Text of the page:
The doctrine of Consideration is concerned with the price paid for a promise. Consideration is something of legal value given in exchange for a promise.
The foundation of consideration is that a person must incur a benefit or suffer detriment in return for a promise. The adequacy of that promise is not of concern to the courts, as it would contradict the “free will” theory of contract which underpins the system. Objectivity is the method employed by judges to ensure this standard is upheld.
In Williams v Roffey Bros and Nicholls (Contractors) Ltd,Roffey Bros had agreed to pay Williams, a subcontractor, a higher, rate for his services than agreed to in an original contract in order to ensure work was completed on time. This separate oral agreement was to benefit Roffey Bros who would otherwise suffer penalty for work still incomplete on a specified date under the main contract of renovation. Williams offered nothing more than his consideration under the original agreement.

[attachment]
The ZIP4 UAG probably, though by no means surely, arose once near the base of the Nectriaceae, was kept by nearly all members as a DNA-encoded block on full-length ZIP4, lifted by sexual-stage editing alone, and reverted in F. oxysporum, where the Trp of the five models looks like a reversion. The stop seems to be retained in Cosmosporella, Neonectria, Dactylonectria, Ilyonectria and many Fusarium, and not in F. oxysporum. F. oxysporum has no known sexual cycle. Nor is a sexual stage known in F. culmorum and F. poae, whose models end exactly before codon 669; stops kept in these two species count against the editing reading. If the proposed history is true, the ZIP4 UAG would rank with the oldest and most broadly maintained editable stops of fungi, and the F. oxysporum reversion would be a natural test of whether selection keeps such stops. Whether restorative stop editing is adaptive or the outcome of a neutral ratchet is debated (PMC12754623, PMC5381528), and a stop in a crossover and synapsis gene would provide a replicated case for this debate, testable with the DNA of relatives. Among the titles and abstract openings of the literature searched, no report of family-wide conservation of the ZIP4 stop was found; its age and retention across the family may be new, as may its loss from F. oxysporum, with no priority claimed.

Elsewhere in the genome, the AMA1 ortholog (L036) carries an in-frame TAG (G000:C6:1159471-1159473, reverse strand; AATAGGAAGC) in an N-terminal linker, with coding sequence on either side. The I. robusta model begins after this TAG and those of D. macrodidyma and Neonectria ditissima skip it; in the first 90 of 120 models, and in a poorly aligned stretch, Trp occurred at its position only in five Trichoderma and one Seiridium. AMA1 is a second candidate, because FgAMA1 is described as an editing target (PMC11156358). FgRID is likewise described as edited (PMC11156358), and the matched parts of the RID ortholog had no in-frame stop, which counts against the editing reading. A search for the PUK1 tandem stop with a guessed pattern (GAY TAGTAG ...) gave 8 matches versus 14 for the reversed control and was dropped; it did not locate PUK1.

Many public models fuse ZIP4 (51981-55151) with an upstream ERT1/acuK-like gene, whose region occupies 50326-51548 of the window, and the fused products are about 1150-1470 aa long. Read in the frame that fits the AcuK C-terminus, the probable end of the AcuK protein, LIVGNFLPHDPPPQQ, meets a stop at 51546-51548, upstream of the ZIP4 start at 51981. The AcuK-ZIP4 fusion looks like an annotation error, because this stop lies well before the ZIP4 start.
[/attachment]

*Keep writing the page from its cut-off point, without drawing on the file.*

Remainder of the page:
The relevant precedent at the time was drawn from the case of Stilk v Myrick, which stated that work already being completed under an original contract was not good consideration for additional promises, such as extra payment. New consideration was needed for the additional agreement to become legally enforceable. The court said that it was clarifying an exception to this precedent, but on one view it actually changed it. Completion of the work by Williams, although consideration under the existing contract, was deemed good consideration for the additional promise. The reasoning, as Justice Santow pointed out in Musumeci v Winadell Pty Ltd, was that
the new agreement was worth more to [Roffey] than likely damages, even taking into account the cost of any concession to obtain greater assurance of that performance.
By deciding the case in this manner the Court ascertained whether a bargain in form also constituted a bargain in substance. The resultant decision reflected an apparent preference of the Court to uphold the transaction because it occurred in a commercial setting and reflected commercial practice in the industry, with the effect that the original agreement was “re-priced”. The judgement was most certainly not derived the mechanical application of precedent. Heffey, Paterson and Robertson suggest that “this appears to be a perfect example of a situation in which a rule that appears to dispose cleanly of a fact situation is nullified by a counter rule whose scope of application seems to be almost identical”.
This web page was created on 2 June 2015, and the law or facts contained in this article may have since changed.